Romek Marber's grid for Penguin covers from 1961 provided a framework for a series of publications plus generous space for the publisher's other illustrators. Marber spoke to Creative Review last September about his work and the grid. The complete feature - by Mark Sinclair - can be viewed via this link. Here's an excerpt:
"At the time Penguin cover design was in a muddle drifting from one design to another, diluting Penguin Books' identity, reputation and goodwill. I came to the conclusion that the cover design must unite the titles in the Penguin Crime series. This would be achieved by a visual uniformity of all or some of the components that make up a cover. The grid divides the cover into areas of white and green, determines the typography and the placing of type and picture, and is particularly important when artwork is commissioned from diverse illustrators/ designers whose styles differ.
To launch the new Crime series I was asked to do twenty titles. The month was June and the books had to be on display in October. The ‘grid' and the rather dark visual images, suggestive of crime, had an immediate impact. The launch was successful and Penguin Books went ahead changing all the covers on the Crime list to the new design.
Much has been made of the grid; it has even been labelled ‘the Marber grid'. I believe that the pictures for the initial twenty covers, played an important part in forging the identity of the Crime series. The grid was important as the rational element of control. The consistency of the pictures contributed, as much as the grid, to the unity of the covers, and the dark shadowy photography gave the covers a feel of crime.
Using photography was time-consuming and not all that rewarding as I had to do one cover at a time. As all the titles on the Penguin Crime list were gradually reprinted in the new style, there was a continuous flow of work. I collected all kinds of crime paraphernalia and planned the work so that I could photograph and work on many images at one time.
This illustrates flexibility in the grid and how a picture can encroach on the white area of the cover without affecting the style. For The Case of the Caretaker's Cat by Erle Stanley Gardner the black photos of cats and the hand with a dribble of black ink give the image an ominous rather creepy feeling. You wouldn't say ‘what lovely two pussies'.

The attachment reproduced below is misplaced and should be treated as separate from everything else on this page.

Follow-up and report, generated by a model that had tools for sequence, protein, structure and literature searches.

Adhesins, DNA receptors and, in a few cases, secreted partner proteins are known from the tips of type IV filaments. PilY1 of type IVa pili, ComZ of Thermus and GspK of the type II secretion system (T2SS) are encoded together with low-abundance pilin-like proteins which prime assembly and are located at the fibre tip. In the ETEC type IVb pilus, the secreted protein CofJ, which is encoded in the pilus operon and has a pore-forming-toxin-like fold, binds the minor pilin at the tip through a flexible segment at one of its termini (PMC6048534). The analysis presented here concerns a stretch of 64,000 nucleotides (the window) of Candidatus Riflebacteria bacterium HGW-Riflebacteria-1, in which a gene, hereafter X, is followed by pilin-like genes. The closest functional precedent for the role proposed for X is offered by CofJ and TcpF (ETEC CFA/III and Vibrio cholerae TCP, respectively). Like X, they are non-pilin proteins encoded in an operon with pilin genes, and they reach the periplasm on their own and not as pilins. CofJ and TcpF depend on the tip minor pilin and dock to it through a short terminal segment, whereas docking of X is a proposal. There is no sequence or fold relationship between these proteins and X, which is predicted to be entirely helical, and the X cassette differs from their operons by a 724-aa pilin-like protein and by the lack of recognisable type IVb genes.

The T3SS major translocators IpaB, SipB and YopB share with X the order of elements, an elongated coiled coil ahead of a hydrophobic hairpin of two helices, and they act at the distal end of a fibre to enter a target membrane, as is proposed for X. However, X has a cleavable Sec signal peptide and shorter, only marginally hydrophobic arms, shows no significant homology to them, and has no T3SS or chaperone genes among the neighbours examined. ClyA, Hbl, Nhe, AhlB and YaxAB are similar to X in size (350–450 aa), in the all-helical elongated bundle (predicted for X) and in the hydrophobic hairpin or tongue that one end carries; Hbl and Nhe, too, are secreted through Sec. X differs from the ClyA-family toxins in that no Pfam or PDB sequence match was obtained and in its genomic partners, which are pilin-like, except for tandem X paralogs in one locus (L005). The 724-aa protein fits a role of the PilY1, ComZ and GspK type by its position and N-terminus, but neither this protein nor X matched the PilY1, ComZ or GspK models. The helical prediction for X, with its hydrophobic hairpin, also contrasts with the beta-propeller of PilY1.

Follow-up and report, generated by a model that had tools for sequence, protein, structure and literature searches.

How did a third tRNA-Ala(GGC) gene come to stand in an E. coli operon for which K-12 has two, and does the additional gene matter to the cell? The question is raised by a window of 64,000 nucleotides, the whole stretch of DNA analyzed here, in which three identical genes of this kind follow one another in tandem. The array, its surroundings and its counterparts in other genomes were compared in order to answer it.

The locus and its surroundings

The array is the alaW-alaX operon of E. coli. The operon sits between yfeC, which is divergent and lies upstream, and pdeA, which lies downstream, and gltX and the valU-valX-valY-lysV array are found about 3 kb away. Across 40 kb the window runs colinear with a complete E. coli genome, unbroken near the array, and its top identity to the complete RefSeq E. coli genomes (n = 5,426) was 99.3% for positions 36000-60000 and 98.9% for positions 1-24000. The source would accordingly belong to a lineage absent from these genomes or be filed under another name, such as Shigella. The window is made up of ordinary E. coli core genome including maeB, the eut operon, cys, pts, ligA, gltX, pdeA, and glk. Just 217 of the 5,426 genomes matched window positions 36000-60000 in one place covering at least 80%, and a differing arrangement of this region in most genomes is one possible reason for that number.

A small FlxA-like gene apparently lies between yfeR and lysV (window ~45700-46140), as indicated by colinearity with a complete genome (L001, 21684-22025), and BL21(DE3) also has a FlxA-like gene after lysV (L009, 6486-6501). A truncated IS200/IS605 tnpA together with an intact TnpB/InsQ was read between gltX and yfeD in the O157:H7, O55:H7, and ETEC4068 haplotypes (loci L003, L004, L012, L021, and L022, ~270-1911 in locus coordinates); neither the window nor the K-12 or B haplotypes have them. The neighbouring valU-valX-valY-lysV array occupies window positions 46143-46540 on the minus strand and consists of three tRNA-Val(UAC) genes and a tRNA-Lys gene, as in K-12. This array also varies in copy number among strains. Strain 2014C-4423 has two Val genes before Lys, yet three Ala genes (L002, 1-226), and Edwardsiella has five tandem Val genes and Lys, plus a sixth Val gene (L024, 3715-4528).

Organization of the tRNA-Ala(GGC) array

The Night of Wenceslas by Lionel Davidson is a story about a man being chased through the streets of Prague. By coincidence, as I was about to do this cover, I was in a room where the window facing the street had a pane of ribbed glass. People passing by looked as if they were sliced into moving segments. As I moved my head even those standing moved. I bought a piece of ribbed glass. I used the glass to create movement and add an intriguing element to the chase. For the cover of The Case of the Turning Tide by Erle Stanley Gardner I used the same ribbed pane of glass to resemble the reflection of a face in turning tide.
For some of the pictures I used myself as a model. It was convenient and I didn't expect a fee. Friends were wary of appearing on a crime cover; not even a major photographic facial distortion would tempt them. I tried to distort the picture in order not to be recognised. For the cover of The Case of the Substitute Face I was particularly successful in disguising my identity; my wife thought it was an improvement to my looks. Doing the crime covers was exciting and it was fun. I tried to make each picture mysterious and intriguing. I didn't always succeed.
Some aspects of a photographic image happen by accident. In the case of the Maltese Falcon cover I could quite easily have discarded this picture. To me this was a powerful and menacing image. I thought it right for this famous Dashiell Hammett thriller.
For Death of a Stray Cat the picture is of a figure cut from black paper and a charcoal rubbing taken from a wooden plank. When combined they give the feel of sea, shore and mystery.
Penguin then decided that books by authors who have many titles on the Penguin booklist should have individual pictorial identification. I had almost finished doing the covers for Dorothy L.Sayers novels when I had a phone call informing me about the new policy. I modified the artwork and added a small white figure, which appears in a different posture on each cover, and it worked [see Have His Carcase, above].
The appearance of Penguin Crime in the new covers led to many offers of work, mainly about violence and crime. One such example is the opening page to an article on the Mafia which I did for Queen magazine. It was advantageous to have a page in Queen and was good publicity, but it was again about crime and I was getting tired of crime.Georges Simenon was normally published in Penguin Crime, but some of his novels were to be published in Fiction. The covers were to follow the grid I originally designed for Penguin Crime. The photography and collage pictures that I did for Crime covers had too forceful an association with the Crime series. Just changing the colour to ‘Fiction orange' wasn't a positive enough change to break this association. In place of photography and collage I switched to drawing. The action in all the six novels takes place in France. I used the white of the paper, the red of fiction covers, and the additional blue colour to suggest the French three-colour flag."
Oh, and I'm now kicking myself as I used Blogger and I've just realised that if I'd done this blog in WordPress, I could have used a pre-made Marber theme. A test version is available to view here. Oh well...